• has beautiful illustrations.
  • upholds (or at least does not undermine) your family's values.
  • appeals to the adult reader.
  • appeals to the child listener.

Though you can certainly find book lists and reviews aplenty online, and these are useful when you are designing a homeschool curriculum or building your family's book collection, you don't have to have a lot of expertise in children's literature to choose good read-alouds. Reading a book to yourself even just once can give you a good idea of whether the writing flows smoothly or not, whether the pictures contribute to the story, and whether you like the book and approve of its content. (For longer books, pre-reading a couple of chapters can usually give you the same information.)

An engaged adult: 
  • gives read-aloud time her undivided attention.
  • pushes through feelings of awkwardness about reading aloud for the sake of the child's experience. 
  • models a positive attitude regarding books and reading.
  • selects books not at random, but with intention. 
  • presents a read-aloud with an invitation ("Let's see what this book is about") and not a command ("We have to read this book now.")

There are some parents who do silly voices and put on puppet shows, or who (like me) are former children's librarians and tend to turn read-aloud time into a full-blown story time. Rest assured, the parents who do these things are not inherently better at reading aloud than parents who do not. They do those things because they enjoy them, not because they are essential to the read-aloud experience. All that is truly essential is that you are ready and willing to read aloud. Anything else is gravy. (Also, don't worry if you don't sound like an audiobook narrator. Your kids still prefer your familiar voice over that of a stranger, no matter how unpolished it is.)

A receptive child: 
  • is calm and not in the midst of a meltdown.
  • is not already deeply engaged in another activity. 
  • may already be looking at books or asking you to read aloud.
  • does not turn down your invitation to hear a story. 

Good books are steadfast and reliable; the moods of human beings (especially young ones!) are much less so. Though some experts suggest that you must read aloud for a certain number of minutes every day lest your child not get into a good college (!!!), it is much better to prioritize quality over quantity. Suggesting a read-aloud when your child is in a particularly ornery mood or tearing him away from his cool LEGO creation to read when he'd rather not just causes him to develop negative associations with reading aloud that can easily be avoided if you just wait for windows of time during which he is clearly receptive to hearing stories. Watching for those opportunities is a much better way to spend your energy than trying to force a regular reading schedule.

Want to see how reading aloud looks in my family? Check out the Read-at-Home Kids Report, my monthly-ish feature where I share the books my three girls are enjoying. 

Wednesday, August 8, 2018

Reading Through History: Front Desk by Kelly Yang (2018)

In 1990s California, Mia is the daughter of first generation Chinese immigrants. Though her parents were professionals in China, jobs are harder to come by in the  U.S., and the family finds itself managing a hotel whose cruel owner treats Mia's parents very poorly, often failing to keep his word and exploiting their desperation for work for his own gain. Because her parents don't make much money, Mia doesn't have many of the luxuries enjoyed by her classmates, which can be painful at times, but she makes the most of her situation, often manning the front desk at the hotel and becoming friends with the "weeklies" who live there all the time and with the various Chinese immigrants her parents secretly allow to stay there without paying. At school, she also makes friends with Lupe, a fellow immigrant and tries to steer clear of the hotel owner's son, Jason.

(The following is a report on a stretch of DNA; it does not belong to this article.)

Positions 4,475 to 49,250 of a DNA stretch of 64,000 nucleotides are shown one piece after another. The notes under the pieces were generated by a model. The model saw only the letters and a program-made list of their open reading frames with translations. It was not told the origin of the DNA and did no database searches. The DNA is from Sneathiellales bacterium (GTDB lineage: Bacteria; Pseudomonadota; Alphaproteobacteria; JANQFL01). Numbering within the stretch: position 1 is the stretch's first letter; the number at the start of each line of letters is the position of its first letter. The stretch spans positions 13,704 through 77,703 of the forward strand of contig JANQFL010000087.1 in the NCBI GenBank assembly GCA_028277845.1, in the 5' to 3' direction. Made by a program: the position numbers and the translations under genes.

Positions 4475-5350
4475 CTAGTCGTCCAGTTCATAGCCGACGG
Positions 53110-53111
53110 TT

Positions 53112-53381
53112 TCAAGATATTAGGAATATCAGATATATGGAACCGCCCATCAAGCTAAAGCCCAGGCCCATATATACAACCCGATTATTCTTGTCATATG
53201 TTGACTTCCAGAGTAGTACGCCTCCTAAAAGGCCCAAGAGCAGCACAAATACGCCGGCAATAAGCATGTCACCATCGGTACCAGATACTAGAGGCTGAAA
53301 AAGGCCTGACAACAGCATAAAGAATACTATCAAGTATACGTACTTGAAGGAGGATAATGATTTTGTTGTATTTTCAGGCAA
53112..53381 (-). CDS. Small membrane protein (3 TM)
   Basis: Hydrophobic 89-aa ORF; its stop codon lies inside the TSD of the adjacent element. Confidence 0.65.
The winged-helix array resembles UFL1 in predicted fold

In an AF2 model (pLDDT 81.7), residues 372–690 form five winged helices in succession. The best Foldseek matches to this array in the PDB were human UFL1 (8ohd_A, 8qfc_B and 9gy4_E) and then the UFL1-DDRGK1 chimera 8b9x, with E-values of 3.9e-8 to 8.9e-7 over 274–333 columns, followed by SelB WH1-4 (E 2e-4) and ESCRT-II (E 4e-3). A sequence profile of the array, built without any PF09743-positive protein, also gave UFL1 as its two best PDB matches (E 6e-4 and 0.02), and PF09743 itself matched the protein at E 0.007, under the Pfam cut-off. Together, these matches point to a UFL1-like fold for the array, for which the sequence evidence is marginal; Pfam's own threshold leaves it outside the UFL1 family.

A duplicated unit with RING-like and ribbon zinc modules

Front Desk has all the qualities of an excellent middle grade novel: a strong plot grounded in the author's real-life experiences, a believable protagonist who infuses the story with hope, despite the many hardships she must endure, a mostly black-and-white sense of right and wrong and a great setting with lots of lively supporting characters. I sat down to read just one chapter of the ARC (from Edelweiss) before bed one night, figuring I'd read the book over a period of several days. Two hours later, it was 2 in the morning and I'd read the entire book. It is absolutely engaging from start to finish, and absolutely worthy of the praise it has been receiving from reviewers.

In recent years, I have been fairly disgusted with the way ALA has politicized its awards, but while I have mostly lost faith in that organization, I do think this book is as worthy of recognition as many of my favorite Newbery-winning titles from decades past. Kelly Yang is an excellent writer, and she manages to make a grim set of circumstances fun and entertaining to read about in a way that still feels respectful of the seriousness of the situation. She also keeps everything age-appropriate and mostly avoids preaching at the reader. It's definitely in the top 5 books I've read so far this year, and I will cross my fingers that it receives some formal recognition.